Taking a look at your 401(k) might lead you to call on outside experts
Tim and Tom, twins from Tacoma, do many things in life exactly the same, including investing in their 401(k) retirement plan. But because of one difference – which moves into the national spotlight this month – they end up with significantly different balances to retire on.
Tim works for ABC Company. Tom works for XYZ Company. They each started contributing to their 401(k) plan in June 1982 when their employers first offered the accounts. They’ve always contributed the same $500 per month and their investment mix also includes the same weight of stocks and bonds.
Tim and Tom compare notes as they approach retirement and Tom is befuddled. He doesn’t understand how his account balance could have fallen behind by more than $50,000 – even though he contributed the same amount as Tim and invested over the same time period.
The mystery lies in expenses of the 401(k) plan. Until this month, Tom would have had very little ability to decipher exactly what the expenses were that created such a drag on his 401(k) performance. Thanks to long-awaited guidance from the Department of Labor that went into effect July 1, fee transparency is about to emerge on retirement plan statements.
Understanding the new details that clarify the various costs will be important. But more importantly, if you are a retirement plan participant you should consider what the costs mean in the context of your own investments and what are your options for change if you aren’t pleased with the costs of your plan?
This is your chance to inform yourself and understand how your retirement plan expenses compare to others. No longer will you have to contribute money to something without having any sense of what the costs are.
TYPES OF FEES
The individual investment choices within your plan have their own costs. The primary cost is the management fee or expense ratio charged by the mutual fund manager. The expense ratio differs depending on the type of mutual funds available and the class of shares used. Some share classes may include sales commissions or 12b-1 fees which are charged to cover distribution and marketing costs.
The investment management fees are built into the returns of the investments. This has historically made them tough to discern completely.
Administration of the retirement plan also creates expenses. Participants in the plan usually are charged for legal, accounting and recordkeeping services as well as for online access, customer service and tools or education to help make investment decisions. These costs have rarely been documented.
Some companies sponsoring retirement plans do pay administration fees without passing them through to the participant. But no company covers the management fees of the underlying investment options.
ISSUES TO CONSIDER
Your employer is obligated by the Employee Retirement Income Security Act (ERISA) to consider fees and expenses of your plan. The employer must act in the best interest of the plan participants when selecting investments and service providers.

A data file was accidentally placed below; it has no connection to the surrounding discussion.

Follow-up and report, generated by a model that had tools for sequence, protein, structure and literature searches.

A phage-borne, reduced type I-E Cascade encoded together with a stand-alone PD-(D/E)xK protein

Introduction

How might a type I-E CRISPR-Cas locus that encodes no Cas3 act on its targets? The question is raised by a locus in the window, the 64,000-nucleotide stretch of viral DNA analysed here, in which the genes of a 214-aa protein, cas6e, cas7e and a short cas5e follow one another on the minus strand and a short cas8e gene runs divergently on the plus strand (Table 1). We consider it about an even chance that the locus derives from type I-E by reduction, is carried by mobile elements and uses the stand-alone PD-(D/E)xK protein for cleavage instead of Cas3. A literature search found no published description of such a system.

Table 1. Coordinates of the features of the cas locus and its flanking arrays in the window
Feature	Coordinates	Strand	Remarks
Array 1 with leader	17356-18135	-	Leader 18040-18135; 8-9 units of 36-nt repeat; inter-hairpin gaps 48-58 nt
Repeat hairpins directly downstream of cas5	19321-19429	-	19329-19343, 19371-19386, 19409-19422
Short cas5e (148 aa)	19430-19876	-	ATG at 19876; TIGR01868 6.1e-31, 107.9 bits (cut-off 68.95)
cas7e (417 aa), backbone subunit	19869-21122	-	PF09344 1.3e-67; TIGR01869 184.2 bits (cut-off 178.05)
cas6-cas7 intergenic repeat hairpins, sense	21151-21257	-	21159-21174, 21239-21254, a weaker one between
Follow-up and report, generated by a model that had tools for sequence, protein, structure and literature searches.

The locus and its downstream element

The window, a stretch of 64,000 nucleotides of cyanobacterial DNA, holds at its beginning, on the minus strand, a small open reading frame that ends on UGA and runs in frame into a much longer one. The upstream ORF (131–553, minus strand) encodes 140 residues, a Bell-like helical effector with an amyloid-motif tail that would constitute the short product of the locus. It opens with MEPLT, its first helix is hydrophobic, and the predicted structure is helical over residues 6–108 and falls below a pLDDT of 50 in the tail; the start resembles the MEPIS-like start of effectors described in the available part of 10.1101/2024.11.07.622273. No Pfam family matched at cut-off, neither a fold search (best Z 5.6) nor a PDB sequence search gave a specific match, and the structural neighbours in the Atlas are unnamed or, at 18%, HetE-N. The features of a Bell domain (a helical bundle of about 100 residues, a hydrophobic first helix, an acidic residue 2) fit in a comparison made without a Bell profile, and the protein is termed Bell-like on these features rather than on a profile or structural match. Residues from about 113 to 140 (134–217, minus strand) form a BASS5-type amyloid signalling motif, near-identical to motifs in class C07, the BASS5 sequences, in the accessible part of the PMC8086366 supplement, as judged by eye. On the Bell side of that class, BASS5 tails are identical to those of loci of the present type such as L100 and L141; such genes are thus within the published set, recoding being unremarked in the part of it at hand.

If you have reason to believe that the fees charged by your employer’s plan are excessive, service is inadequate for the cost paid or the investment choices are poor, ask your employer to review the plan or even put the administration and investment selection out for bid from a new provider. Brightscope.com
may be a good place to start evaluating the costs and quality of your company’s plan.
In some cases, your options are limited. The new fee transparency requirements apply only to defined benefit and defined contribution plans not to SEP and SIMPLE IRAs or other individual retirement arrangements offered by some small businesses.
ACTION TO TAKE
Regardless of the expenses in your retirement plan, if your company matches your contributions you should participate at the level required to receive the entire match. It’s free money.
If your investment choices within the plan are expensive and underperforming, you may want to consider not maximizing your annual contribution beyond the match. Depending on your income and eligibility, funding an IRA in addition to your employer plan would allow you to control your investment selection and costs. This is especially helpful if your 401(k) does not offer a diverse selection of investment choices to better manage risk.
Particularly if you are retired but still have money in the company plan, you should consider the benefits of a rollover to an IRA.
For some more expensive employer retirement plans, fees may be equal to what it would cost to hire a financial adviser who can not only provide investment advice, but help you answer all the other questions about your financial life that 401(k) administrators can’t help you with.
Gary Brooks is a certified financial planner and the president of Brooks, Hughes & Jones, a registered investment adviser in Old Town Tacoma. Read his blog at www.themoneyarchitects.com